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Antioxidant Supps to Enhance Myeloma Chemo- Reduce Side Effects

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“The authors concluded that there was no evidence of a detriment to chemotherapy efficacy. Indications of improved outcomes (reduced side effects) were found with antioxidant supplementation”

Chemotherapy causes short, long-term and late-stage side effects. Oncologists don’t dispute this. What is disputed is antioxidant supplementation DURING chemotherapy. Some oncologists believe that antioxidant supplementation interferes with chemotherapy and other oncologists recommend antioxidant supplementation to their patients. According to the study below, antioxidants enhance the effectiveness of chemotherapy while they reduce the toxicity and side-effects of that chemotherapy.

Full transparency-I am a long-term multiple myeloma (MM) survivor. I live with severe long-term side effects including chemo-induced cardiomyopathy, chemobrain, peripheral neuropathy, risk of treatment-related secondary cancer and hemorrhagic cystitis. Based on many studies I have read, I believe that these side effects could have been minimized or prevented had I supplemented with specific antioxidants.

Over the years living with incurable cancer, and working with MM patients, I’ve read dozens of studies that support antioxidation before, during and after traditional cancer therapies.

One of the first questions MM patients and survivors should ask their oncologists is whether the recommended surgery, chemotherapy and/or radiation the oncologist is prescribing is “curative.” Meaning if you undergo the chemo what are your chances of being alive in five years? If your oncologist tells you that the chemotherapy he/she is recommending won’t cure you and may even harm you, you may wonder how to enhance the efficacy of your chemotherapy while you reduce its toxicity and risk of side effects.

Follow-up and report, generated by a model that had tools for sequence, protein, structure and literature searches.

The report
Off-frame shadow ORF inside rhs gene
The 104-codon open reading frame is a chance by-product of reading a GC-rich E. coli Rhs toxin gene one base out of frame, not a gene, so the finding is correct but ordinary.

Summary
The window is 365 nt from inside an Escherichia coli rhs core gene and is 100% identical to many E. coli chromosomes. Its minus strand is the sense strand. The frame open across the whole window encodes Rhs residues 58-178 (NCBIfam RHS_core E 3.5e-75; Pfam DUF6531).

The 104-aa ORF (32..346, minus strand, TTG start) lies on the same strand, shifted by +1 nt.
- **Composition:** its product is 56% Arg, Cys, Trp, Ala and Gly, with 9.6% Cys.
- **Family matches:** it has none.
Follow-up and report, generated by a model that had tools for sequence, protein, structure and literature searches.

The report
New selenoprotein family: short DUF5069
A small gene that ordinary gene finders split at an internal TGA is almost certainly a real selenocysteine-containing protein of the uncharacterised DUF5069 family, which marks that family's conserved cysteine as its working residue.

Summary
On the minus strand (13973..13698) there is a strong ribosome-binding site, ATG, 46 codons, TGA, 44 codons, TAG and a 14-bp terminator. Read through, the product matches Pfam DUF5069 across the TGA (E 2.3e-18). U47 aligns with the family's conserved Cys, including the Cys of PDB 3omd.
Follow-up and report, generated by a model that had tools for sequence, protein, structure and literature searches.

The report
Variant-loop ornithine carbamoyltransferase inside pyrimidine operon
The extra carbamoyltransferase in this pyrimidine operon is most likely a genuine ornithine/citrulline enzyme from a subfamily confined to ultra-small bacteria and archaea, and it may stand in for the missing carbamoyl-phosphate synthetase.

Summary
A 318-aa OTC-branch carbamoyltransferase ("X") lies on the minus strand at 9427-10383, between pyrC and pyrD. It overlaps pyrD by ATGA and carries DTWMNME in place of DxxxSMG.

I am both a multiple myeloma survivor and MM cancer coach. I supplement with many of those antioxidants mentioned below. I have remained in complete remission from my “incurable” cancer since early 1999. 

To learn more about your MM treatment and what antioxidant supplements may enhance YOUR chemotherapy regimen scroll down the page, post a question or a comment and I will reply to you ASAP.

Thank you,

David Emerson

  • Long-term MM Survivor
  • MM Cancer Coach
  • Director PeopleBeatingCancer

Recommended Reading:


Impact of antioxidant supplementation on chemotherapeutic toxicity: a systematic review of the evidence from randomized controlled trials.

“This well-conducted review assessed concurrent antioxidant supplementation in chemotherapy for cancer patients. The authors concluded that there was no evidence of a detriment to chemotherapy efficacy. Indications of improved outcomes were found with supplementation, but further adequately powered trials were required. These cautious conclusions are likely to be reliable…

Included studies assessed the antioxidants: glutathione, melatonin, vitamin A, vitamin C, N-Acetylcysteine, vitamin E, ellagic acid and mixed interventions. All studies used placebo comparators. A wide range of chemotherapeutic regimes was used. Principal agents included oxaliplatin, cisplatin combined with etoposide and fluorouracil, mitomycin, gemcitabine, doxorubicin, paclitaxel, mitoxantrone, vinorelbine, busulfan, cyclophosphamide combined with methotrexate and fluorouracil, and CPT-11. A number of types of cancer were represented, most commonly including breast, lung and gastric cancers. Most patients had relapsed or advanced cancer. Neurotoxicity and chemotherapy completion were assessed as secondary outcomes…